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Our priorities for 2021

ALEC purpose is to protect nature and support ecologically sustainable development in the arid lands. To work toward our vision of healthy futures for arid lands and people, ALEC is prioritising these key areas of focus over the next few months:

Energy and climate change mitigation 

To help meet the Northern Territory Government’s renewable energy target of 50 per cent by 2030, ALEC is part of Alice Springs Future Grid, a two-year project led by the Intyal­heme Cen­tre for Future Energy to transform the power system to support more renewable energy. ALEC is leading Future Grid’s Community Solutions sub-project. ALEC will be rolling out house­hold solar batteries to spe­cif­ic areas of town and working with the community to establish the Northern Territory’s first Virtual Power Plant to more effectively integrate stored renewable energy into the Alice Springs grid.

To work toward achieving a zero net emissions economy for the entire Northern Territory, ALEC will continue to support the Repower NT campaign which aims to fulfil the NT's potential to become a renewable energy superpower. ALEC is also calling on the NT Government to introduce a Climate Change Act to legislate a target of net zero emissions by 2050 as well as carbon targets for all sectors of the economy. The NT Government must show leadership on decarbonising the economy in order to harness the opportunities of the transition towards carbon neutrality.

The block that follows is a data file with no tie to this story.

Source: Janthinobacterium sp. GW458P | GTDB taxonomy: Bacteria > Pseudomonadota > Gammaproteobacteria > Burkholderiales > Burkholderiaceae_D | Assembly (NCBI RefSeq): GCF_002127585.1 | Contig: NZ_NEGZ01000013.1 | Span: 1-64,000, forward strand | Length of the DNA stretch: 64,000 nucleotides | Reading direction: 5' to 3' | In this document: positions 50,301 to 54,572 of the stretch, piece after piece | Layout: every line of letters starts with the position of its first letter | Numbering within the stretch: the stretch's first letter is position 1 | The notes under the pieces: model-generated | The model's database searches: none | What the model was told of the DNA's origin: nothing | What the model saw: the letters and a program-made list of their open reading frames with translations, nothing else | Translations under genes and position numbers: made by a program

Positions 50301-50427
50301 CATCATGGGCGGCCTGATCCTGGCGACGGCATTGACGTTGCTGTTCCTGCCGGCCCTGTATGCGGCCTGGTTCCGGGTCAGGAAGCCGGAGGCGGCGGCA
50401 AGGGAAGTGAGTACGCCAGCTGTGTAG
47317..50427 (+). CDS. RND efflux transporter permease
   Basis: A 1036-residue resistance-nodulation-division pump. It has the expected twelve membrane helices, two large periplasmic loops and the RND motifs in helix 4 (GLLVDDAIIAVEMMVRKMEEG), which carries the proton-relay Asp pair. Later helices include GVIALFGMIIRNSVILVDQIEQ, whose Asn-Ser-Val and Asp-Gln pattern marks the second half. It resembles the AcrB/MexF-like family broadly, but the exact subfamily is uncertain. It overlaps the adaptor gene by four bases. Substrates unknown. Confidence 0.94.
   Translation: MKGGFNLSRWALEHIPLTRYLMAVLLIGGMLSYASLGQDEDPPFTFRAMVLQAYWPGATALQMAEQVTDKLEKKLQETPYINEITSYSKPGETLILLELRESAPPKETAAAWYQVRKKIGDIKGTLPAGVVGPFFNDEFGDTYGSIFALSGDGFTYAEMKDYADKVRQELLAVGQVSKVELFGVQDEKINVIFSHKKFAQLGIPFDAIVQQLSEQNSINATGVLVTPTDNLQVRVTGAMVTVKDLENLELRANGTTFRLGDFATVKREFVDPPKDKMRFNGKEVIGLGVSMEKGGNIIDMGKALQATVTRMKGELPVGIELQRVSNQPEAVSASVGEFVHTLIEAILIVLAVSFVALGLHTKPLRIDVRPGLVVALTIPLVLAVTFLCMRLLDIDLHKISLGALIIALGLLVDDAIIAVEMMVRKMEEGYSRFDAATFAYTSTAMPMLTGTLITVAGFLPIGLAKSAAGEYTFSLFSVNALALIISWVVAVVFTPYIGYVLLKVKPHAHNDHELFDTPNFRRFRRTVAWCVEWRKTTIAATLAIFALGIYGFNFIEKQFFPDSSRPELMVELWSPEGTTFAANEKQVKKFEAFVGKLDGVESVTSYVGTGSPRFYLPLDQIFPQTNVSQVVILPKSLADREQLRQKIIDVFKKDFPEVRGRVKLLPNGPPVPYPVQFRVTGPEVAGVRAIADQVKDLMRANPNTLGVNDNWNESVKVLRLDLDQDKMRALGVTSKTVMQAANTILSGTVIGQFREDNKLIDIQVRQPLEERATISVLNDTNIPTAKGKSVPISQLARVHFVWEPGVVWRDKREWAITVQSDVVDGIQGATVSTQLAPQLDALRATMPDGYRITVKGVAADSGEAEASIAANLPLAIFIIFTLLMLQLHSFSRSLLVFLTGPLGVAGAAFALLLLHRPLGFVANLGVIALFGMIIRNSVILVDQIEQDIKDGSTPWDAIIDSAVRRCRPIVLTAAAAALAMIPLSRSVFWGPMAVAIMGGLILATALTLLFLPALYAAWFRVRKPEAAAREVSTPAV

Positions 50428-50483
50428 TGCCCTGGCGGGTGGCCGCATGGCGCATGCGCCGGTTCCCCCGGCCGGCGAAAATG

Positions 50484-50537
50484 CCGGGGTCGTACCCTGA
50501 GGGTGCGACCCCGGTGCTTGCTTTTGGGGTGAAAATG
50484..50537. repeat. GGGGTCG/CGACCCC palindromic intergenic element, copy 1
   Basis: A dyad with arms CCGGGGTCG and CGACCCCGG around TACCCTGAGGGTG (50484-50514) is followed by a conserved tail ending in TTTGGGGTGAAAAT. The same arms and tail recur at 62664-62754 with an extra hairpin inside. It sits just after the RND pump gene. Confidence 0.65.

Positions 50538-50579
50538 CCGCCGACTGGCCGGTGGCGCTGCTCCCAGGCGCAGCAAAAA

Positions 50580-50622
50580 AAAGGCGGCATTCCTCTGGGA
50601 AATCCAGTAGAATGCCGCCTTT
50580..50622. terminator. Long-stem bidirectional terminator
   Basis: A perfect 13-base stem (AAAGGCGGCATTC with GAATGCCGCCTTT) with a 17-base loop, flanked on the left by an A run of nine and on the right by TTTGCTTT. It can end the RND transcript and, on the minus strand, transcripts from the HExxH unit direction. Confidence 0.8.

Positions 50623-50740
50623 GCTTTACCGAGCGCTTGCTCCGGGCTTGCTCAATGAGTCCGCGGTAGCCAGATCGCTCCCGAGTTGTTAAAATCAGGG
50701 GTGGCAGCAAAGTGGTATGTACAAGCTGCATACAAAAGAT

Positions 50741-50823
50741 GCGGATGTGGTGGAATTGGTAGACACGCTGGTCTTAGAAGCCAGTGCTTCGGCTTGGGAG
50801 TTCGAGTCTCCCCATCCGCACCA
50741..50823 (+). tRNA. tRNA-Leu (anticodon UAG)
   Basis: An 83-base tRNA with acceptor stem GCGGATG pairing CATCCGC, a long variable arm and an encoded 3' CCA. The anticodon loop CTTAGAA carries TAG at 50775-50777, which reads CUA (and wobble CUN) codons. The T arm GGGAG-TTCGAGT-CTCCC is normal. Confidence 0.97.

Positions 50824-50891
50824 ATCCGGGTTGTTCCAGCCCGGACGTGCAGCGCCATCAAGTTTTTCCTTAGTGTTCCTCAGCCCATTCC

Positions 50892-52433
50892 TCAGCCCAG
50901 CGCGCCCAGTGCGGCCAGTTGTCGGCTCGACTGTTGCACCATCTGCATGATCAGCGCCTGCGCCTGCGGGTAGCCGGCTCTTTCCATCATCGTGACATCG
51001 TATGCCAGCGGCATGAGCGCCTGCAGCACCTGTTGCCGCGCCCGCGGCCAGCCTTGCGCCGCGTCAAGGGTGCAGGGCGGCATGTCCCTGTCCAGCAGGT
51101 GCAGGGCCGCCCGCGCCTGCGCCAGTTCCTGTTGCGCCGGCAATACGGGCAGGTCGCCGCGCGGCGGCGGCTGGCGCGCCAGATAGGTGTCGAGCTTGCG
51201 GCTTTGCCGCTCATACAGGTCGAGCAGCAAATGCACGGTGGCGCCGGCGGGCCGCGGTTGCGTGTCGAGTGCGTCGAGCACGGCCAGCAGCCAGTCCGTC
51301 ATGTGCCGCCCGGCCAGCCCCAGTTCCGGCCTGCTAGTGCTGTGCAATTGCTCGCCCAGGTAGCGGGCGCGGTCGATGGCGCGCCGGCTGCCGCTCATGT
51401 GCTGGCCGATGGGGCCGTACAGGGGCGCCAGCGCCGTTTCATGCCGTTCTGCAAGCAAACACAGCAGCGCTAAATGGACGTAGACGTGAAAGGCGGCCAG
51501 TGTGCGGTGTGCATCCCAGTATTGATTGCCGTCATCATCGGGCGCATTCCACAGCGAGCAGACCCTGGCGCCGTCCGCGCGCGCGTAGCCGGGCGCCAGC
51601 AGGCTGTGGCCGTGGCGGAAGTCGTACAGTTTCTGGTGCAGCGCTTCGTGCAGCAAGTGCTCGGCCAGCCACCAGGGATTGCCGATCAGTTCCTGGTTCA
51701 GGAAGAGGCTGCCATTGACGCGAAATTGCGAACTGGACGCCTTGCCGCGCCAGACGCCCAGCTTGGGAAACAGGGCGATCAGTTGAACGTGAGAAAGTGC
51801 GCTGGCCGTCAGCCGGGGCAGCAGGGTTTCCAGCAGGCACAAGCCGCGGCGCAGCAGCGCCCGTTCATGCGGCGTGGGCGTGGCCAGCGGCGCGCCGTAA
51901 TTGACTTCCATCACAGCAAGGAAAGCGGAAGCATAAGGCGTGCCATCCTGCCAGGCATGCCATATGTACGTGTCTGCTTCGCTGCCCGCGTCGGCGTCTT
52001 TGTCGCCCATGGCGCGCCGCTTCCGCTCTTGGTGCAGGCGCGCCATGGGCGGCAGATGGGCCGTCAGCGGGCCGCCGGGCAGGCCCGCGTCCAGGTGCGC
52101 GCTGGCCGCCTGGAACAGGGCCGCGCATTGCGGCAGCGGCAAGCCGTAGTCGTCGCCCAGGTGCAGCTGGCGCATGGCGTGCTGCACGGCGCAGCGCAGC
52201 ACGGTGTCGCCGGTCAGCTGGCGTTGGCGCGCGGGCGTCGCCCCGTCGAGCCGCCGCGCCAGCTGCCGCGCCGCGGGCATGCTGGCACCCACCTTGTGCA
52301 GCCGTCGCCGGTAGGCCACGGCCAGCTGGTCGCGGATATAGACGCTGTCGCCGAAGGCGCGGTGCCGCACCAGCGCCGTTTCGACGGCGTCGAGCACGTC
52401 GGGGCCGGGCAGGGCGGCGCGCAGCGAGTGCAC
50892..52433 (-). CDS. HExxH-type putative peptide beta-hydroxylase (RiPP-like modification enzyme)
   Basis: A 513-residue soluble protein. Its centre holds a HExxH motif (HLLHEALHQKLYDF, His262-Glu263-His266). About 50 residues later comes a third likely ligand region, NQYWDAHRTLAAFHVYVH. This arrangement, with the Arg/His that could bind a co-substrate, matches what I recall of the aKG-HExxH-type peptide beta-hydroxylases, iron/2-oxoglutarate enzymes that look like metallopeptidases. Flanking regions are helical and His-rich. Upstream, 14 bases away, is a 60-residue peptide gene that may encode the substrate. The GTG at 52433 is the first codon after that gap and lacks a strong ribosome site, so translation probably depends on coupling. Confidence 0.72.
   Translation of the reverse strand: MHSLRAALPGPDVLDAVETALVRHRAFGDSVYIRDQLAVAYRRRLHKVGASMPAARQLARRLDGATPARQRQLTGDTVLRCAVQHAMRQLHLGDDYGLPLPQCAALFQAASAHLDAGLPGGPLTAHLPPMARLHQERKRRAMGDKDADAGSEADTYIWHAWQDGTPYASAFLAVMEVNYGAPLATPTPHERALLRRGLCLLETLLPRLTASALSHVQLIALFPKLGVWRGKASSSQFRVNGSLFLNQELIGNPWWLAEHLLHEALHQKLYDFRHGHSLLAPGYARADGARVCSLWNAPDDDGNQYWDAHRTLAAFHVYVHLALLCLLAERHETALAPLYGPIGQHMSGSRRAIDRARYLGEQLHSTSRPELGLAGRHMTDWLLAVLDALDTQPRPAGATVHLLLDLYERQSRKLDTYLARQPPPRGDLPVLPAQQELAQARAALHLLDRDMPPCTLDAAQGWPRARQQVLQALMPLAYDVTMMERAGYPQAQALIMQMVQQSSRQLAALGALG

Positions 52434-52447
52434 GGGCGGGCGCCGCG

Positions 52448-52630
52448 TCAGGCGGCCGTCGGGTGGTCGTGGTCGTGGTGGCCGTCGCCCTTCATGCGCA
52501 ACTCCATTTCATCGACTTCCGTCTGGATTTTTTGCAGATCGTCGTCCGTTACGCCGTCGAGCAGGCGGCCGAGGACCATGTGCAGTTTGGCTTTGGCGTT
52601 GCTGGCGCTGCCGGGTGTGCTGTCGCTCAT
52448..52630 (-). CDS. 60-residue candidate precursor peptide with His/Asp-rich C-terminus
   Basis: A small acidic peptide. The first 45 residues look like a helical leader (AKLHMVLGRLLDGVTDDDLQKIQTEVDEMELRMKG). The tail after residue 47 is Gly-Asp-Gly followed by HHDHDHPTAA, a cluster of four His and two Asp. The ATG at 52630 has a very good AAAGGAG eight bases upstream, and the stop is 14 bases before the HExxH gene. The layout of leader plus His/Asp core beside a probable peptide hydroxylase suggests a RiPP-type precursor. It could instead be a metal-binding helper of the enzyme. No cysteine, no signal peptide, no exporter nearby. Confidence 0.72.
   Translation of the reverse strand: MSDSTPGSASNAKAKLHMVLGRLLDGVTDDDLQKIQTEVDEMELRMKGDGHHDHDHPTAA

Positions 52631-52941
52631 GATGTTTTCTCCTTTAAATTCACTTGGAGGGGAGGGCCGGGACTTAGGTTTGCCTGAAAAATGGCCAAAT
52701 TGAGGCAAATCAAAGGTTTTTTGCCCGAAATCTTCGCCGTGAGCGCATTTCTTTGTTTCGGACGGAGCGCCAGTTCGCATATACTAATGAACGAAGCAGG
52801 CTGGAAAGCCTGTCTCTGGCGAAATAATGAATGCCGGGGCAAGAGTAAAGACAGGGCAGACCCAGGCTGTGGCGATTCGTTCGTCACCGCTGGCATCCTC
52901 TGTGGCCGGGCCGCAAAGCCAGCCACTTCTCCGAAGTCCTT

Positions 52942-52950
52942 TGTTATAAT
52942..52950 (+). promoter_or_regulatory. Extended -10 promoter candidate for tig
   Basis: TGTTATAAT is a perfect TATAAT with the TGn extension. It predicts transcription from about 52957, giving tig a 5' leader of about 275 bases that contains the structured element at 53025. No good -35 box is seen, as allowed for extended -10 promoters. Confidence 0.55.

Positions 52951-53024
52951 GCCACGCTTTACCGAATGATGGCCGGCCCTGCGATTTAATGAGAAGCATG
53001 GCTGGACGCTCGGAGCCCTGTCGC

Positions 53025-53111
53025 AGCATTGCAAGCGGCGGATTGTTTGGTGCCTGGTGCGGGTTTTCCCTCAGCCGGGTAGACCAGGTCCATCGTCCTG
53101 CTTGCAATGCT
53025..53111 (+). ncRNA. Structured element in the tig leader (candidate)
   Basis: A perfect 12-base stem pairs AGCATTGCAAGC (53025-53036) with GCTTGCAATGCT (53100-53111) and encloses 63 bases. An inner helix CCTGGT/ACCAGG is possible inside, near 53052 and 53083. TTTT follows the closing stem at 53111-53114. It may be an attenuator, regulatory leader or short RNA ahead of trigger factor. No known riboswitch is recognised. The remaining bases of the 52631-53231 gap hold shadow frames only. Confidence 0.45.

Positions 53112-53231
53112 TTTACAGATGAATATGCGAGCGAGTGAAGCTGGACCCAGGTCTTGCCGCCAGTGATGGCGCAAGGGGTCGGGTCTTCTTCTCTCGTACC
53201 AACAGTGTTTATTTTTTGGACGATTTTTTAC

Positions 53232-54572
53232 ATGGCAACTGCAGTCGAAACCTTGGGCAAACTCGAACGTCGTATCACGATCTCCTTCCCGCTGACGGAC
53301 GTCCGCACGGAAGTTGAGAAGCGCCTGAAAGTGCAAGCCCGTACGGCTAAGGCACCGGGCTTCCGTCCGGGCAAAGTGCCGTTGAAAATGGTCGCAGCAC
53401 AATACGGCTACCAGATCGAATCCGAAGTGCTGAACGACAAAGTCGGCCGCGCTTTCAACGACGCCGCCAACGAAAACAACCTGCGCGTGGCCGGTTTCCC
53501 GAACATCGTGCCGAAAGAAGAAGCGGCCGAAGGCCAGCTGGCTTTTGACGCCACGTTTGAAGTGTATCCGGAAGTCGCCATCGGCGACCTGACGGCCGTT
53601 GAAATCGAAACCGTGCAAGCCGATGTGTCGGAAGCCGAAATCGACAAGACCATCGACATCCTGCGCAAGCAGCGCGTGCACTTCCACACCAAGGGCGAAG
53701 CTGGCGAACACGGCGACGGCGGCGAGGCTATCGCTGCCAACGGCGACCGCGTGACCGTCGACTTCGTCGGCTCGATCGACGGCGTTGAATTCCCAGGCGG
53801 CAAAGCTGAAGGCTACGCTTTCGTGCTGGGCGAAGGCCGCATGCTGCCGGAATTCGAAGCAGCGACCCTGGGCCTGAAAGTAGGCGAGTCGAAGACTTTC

ALEC is staunchly opposed to hydraulic fracturing and the development of any new onshore gas infrastructure in the Northern Territory. Fracking will exponentially increase NT carbon emissions and is incompatible with Australia’s obligations under the Paris Climate Agreement.  Furthermore, government subsidies to support new fossil fuel infrastructure will become stranded assets in a world that is rapidly moving to renewable energy. Gas is a job poor, carbon intensive and environmentally degrading industry. Investment in more won’t help lower electricity prices either.

ALEC will strategically focus efforts on preventing the proposed Amadeus to Moomba Gas Pipeline (AMGP) from going ahead, holding the government to account to implement the 135 recommendations from the NT Scientific Inquiry into Hydraulic Fracturing and building the capacity of the community to organise itself including working together with local action groups such as the Central Australian Frack Free Alliance. 

Climate Ready Central Australia 

Alice Springs can become a Climate Ready town